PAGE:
Well done, Columbus Dispatch, for turning out a well-balanced article by Carl Smith about Willie Manning last month! Smith summarized the information in the legal documents that led to Willie’s exoneration in his 1993 case, and provided links so readers could look at the documents for themselves. He attempted to interview both the prosecutor and the defense, although he succeeded only with the prosecutor. This was a far cry from the article denouncing Willie which appeared in the same newspaper nearly two years before, an article which we have criticized on this website.
Our criticism this time is not with the newspaper, but with the prosecutor, district attorney Forrest Allgood. Smith quotes him as saying:
“It’s not a matter of if (Manning) did it or didn’t do it, it’s a matter of how we can’t go forward. [The key witness, Lucious] was functionally the way we proved our case. There was corroborating evidence, but there were no other witnesses that heard Manning admit (the crime) or go into the apartment.”
D.A. Allgood’s words imply that Willie was only ‘functionally’ exonerated, as if in reality he was guilty. The prosecutor’s implication carries weight because it is made by an establishment figure lined up against a nobody: it is therefore dangerous.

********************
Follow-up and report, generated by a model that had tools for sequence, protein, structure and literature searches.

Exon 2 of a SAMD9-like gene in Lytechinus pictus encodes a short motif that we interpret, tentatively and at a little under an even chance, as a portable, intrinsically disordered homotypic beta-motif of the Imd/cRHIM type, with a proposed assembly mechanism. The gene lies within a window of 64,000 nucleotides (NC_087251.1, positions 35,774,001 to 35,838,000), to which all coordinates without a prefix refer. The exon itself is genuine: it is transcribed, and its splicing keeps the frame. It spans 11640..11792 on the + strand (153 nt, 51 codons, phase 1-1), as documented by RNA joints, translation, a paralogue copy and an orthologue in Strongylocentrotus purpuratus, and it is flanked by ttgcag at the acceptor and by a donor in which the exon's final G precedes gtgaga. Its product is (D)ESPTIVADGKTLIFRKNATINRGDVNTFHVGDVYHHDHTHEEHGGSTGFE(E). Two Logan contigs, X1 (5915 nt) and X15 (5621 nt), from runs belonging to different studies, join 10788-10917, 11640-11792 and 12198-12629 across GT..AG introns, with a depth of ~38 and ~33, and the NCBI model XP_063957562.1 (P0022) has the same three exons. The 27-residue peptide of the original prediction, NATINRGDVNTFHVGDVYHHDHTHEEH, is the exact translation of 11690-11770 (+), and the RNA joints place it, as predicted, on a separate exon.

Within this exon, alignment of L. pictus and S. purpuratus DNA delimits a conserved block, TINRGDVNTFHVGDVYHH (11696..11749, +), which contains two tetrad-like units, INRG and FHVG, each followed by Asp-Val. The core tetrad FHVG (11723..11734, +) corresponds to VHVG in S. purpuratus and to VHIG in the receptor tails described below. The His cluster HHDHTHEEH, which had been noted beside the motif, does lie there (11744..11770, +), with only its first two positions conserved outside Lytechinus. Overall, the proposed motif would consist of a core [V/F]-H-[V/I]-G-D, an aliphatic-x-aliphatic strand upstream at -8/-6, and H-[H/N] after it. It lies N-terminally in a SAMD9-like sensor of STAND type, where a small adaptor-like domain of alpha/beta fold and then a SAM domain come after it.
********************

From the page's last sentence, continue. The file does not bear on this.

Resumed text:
Allgood speaks vaguely of ‘corroborating evidence’ without saying what it is. Presumably he was referring to the witnesses who, a year after the crime, testified that they had seen Willie in the victims’ apartment complex on the day of the murders. But their testimony is highly unlikely to have been accurate. Research shows that after 11 months the rate of accurate eyewitness identification decreases to only 11%, which is no better than would have occurred by chance.* Moreover, Willie’s face would have been familiar because of media coverage of his other case; witnesses could well have been influenced by this, consciously or subconsciously. Willie himself is probably rather more likely to have recalled accurately whether he went to the complex then: he has always denied having done so.
In addition, one witness, Herbert Ashford, undermined his own credibility by making statements that were contradictory. And Lucious’s statement about the police and prosecutor misconduct involved in procuring his own (now recanted) testimony throws even more doubt on the highly dubious witness statements.
What prosecutor Allgood failed to mention in his statement last month was that a bloody shoeprint found next to one of the bodies was made by a shoe that was much smaller than the shoes worn by Willie. The state did not divulge this information at the time of the trial. If the prosecutor had proceeded with a new trial, he would have faced a defense that was able to present this potentially exculpatory evidence to the jury.
It is no wonder that the prosecutor opted for exoneration rather than a new trial. Far from being unable to proceed because of ‘functional’ difficulties, he knew that the game was up. Willie’s exoneration is fully deserved.
*False Justice: Eight Myths that Convict the Innocent’, Jim Petro and Nancy Petro, 2010, page 158